Biden’s Approach to Iran: Here’s what Republicans and Democrats are saying about the Biden Administration’s approach to Iran. To have stories like this and more delivered directly to your inbox, be sure to sign up for our newsletter. Photo Credit: Gage Skidmore. Iran Talks in Vienna, July 14 2015. Credit: Bundesministerium für Europa, Integration und Äusseres.
Top Story: Biden’s Approach to Iran
Matthew Lee, writing in the AP, reported last Thursday, February 18th, that “The Biden administration said it’s ready to join talks with Iran and world powers to discuss a return to the 2015 nuclear deal.” In follow-up reporting this past Tuesday, Lee reported that Biden’s early outreach is getting a “chilly early response from Tehran.”
Then, last night, a trio of reporters from the AP said, “a US airstrike in Syria targeted facilities belonging to a powerful Iranian-backed Iraqi armed group, killing one of their militiamen and wounding a number of others. The Pentagon said the strikes were retaliation for a rocket attack in Iraq earlier this month that killed one civilian contractor and wounded a US service member and other coalition troops.” Here’s what both sides are saying about the Biden Administration’s approach to Iran:
On The Right
Conservatives see Biden reinstating what they characterize as an Obama administration policy of appeasement with respect to Iran. They believe the Biden team is rewarding Iran by not requiring real concessions, thus empowering the Mullahs to wreak havoc throughout the Middle East.
Helen Raleigh writes in The Federalist that “The foundation of the 2015 nuclear deal was the Obama administration and the European Union’s willful ignorance of and blind trust in the Iranian government.” She believes that “The Trump administration pulled out of this bad deal and re-imposed economic sanctions on Iran in 2018” in order to “weaken Iran’s clerical authoritarian regime so the United States could negotiate a more effective nuclear deal.” In short, “The sanctions worked as they were intended.” Instead of pressing on with this successful policy, Raleigh says, “President Biden acted as if the much-weakened Iran is the one that has a stronger hand than the United States.” She further explains that this policy will have wide-reaching foreign policy consequences because “when our adversaries perceive American desperation, they will take advantage of the situation and extract maximum concessions. That’s exactly what Iran is doing.”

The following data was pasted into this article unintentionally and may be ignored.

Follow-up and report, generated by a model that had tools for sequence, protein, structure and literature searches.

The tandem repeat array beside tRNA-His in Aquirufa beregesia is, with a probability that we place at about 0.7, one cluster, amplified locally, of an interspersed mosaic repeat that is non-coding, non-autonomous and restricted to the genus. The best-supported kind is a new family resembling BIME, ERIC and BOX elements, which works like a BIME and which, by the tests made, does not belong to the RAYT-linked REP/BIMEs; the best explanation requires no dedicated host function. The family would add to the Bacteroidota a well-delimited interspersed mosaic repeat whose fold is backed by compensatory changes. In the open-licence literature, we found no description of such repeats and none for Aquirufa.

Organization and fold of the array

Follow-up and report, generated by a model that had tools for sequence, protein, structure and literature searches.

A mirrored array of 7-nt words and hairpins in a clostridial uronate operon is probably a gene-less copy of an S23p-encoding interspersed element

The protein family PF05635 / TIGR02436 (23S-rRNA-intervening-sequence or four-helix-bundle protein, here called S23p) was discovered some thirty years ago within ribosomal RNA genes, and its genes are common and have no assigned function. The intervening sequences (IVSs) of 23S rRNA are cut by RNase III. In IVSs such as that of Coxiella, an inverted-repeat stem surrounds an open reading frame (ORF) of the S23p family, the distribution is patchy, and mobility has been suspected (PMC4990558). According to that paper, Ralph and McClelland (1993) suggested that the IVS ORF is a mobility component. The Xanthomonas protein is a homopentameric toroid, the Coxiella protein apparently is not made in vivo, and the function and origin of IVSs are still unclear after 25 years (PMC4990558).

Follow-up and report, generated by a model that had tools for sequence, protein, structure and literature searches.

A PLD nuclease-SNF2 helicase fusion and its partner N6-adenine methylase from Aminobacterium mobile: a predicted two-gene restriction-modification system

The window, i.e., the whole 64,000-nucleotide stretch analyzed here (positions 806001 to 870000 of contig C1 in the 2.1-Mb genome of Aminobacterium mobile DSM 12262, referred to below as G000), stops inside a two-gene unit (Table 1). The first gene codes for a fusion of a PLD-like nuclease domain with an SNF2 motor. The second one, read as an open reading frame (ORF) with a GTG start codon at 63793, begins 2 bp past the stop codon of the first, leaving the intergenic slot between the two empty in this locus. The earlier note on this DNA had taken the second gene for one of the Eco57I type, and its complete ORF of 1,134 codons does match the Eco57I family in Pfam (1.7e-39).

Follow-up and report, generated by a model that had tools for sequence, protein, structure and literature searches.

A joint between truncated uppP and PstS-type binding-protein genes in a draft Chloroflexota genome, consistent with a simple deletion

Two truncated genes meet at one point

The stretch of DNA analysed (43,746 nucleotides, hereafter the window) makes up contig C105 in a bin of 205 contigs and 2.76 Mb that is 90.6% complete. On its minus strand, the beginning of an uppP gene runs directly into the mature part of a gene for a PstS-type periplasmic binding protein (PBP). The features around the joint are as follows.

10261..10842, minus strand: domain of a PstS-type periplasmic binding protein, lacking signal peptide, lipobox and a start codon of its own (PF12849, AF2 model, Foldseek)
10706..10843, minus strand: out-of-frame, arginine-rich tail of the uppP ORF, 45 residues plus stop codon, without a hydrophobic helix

Charles Hurt also takes the Biden administration to task in The Washington Times for a poor Iran policy but goes further, accusing the Biden team of illegal behavior. Hurt references a report in The Washington Times that “reveals that Monsieur Kerry kept up his torrid bromance with Mr. Zarif during the entire Trump administration.” As he explains, “These relationships blossomed into what high-level national security and intelligence sources say allowed the Iranian regime to bypass Mr. Trump and work directly with Obama administration veterans that Tehran hoped would soon return to power in Washington.” The Biden administration might in fact face legal trouble since this “was a flagrant violation of the Logan Act — that antique law so preciously revered back when Democrats were trying to throw Trump officials in jail.” In short, Hurt contends that the Biden administration and their political allies “were actively undermining the foreign policy of an elected administration. And they were doing that AFTER Americans voters had clearly chosen a starkly different path for dealing with the terrorist mullahs of Iran.” Hurt concludes that “By any measure, these clandestine efforts violated the Logan Act, not to mention flagrant collusion with an avowed enemy of the United States.”
Finally, George Friedman speaks to the regional landscape from a Realpolitik perspective in Geopolitical Futures. As he explains, “The [Iran] agreement was criticized at the time for three reasons. First, Iran was capable of both permitting inspections and evading them, by shifting the location of the nuclear program.” Second, “The agreement did not address Iran’s relations with other countries in the region, against which Iran has carried out covert and overt operations.” Finally, “It did not address Iran’s missile program, which seems to involve missiles of multiple ranges and payloads….if Iran were abandoning its nuclear program, why spend scarce resources on these kinds of missiles?” Friedman continues, juxtaposing Obama’s and Trump’s approaches. As he sees it, Obama’s approach was “not to weaken Iran economically but to focus entirely on the issue at hand,” by which he means nuclear weapons. However, “Trump chose to weaken Iran economically in order to expand the goals of the agreement to cover missiles.” Friedman points out that the Trump administration policy broadly disempowered Iran while encouraging unity among Iran’s Arab rivals. Friedman writes that “By the end of the Trump administration, the map of the region had shifted, and with it Iran’s position. Its economy was in steep decline, the hostility of the Arab world was consolidated, and the assumption was that between coalitions and economic costs, the Iranian political and military operations in the Arab world would decline.” Friedman concludes that the problem becomes even more complex when you consider the delicate power balance in the region that keeps in check “other forces the US doesn’t want to see.”
The right adamantly opposes rejoining the Iran deal, which they see as an exercise in appeasement that will negatively impact US foreign policy in the Middle East and perhaps even beyond.
On The Left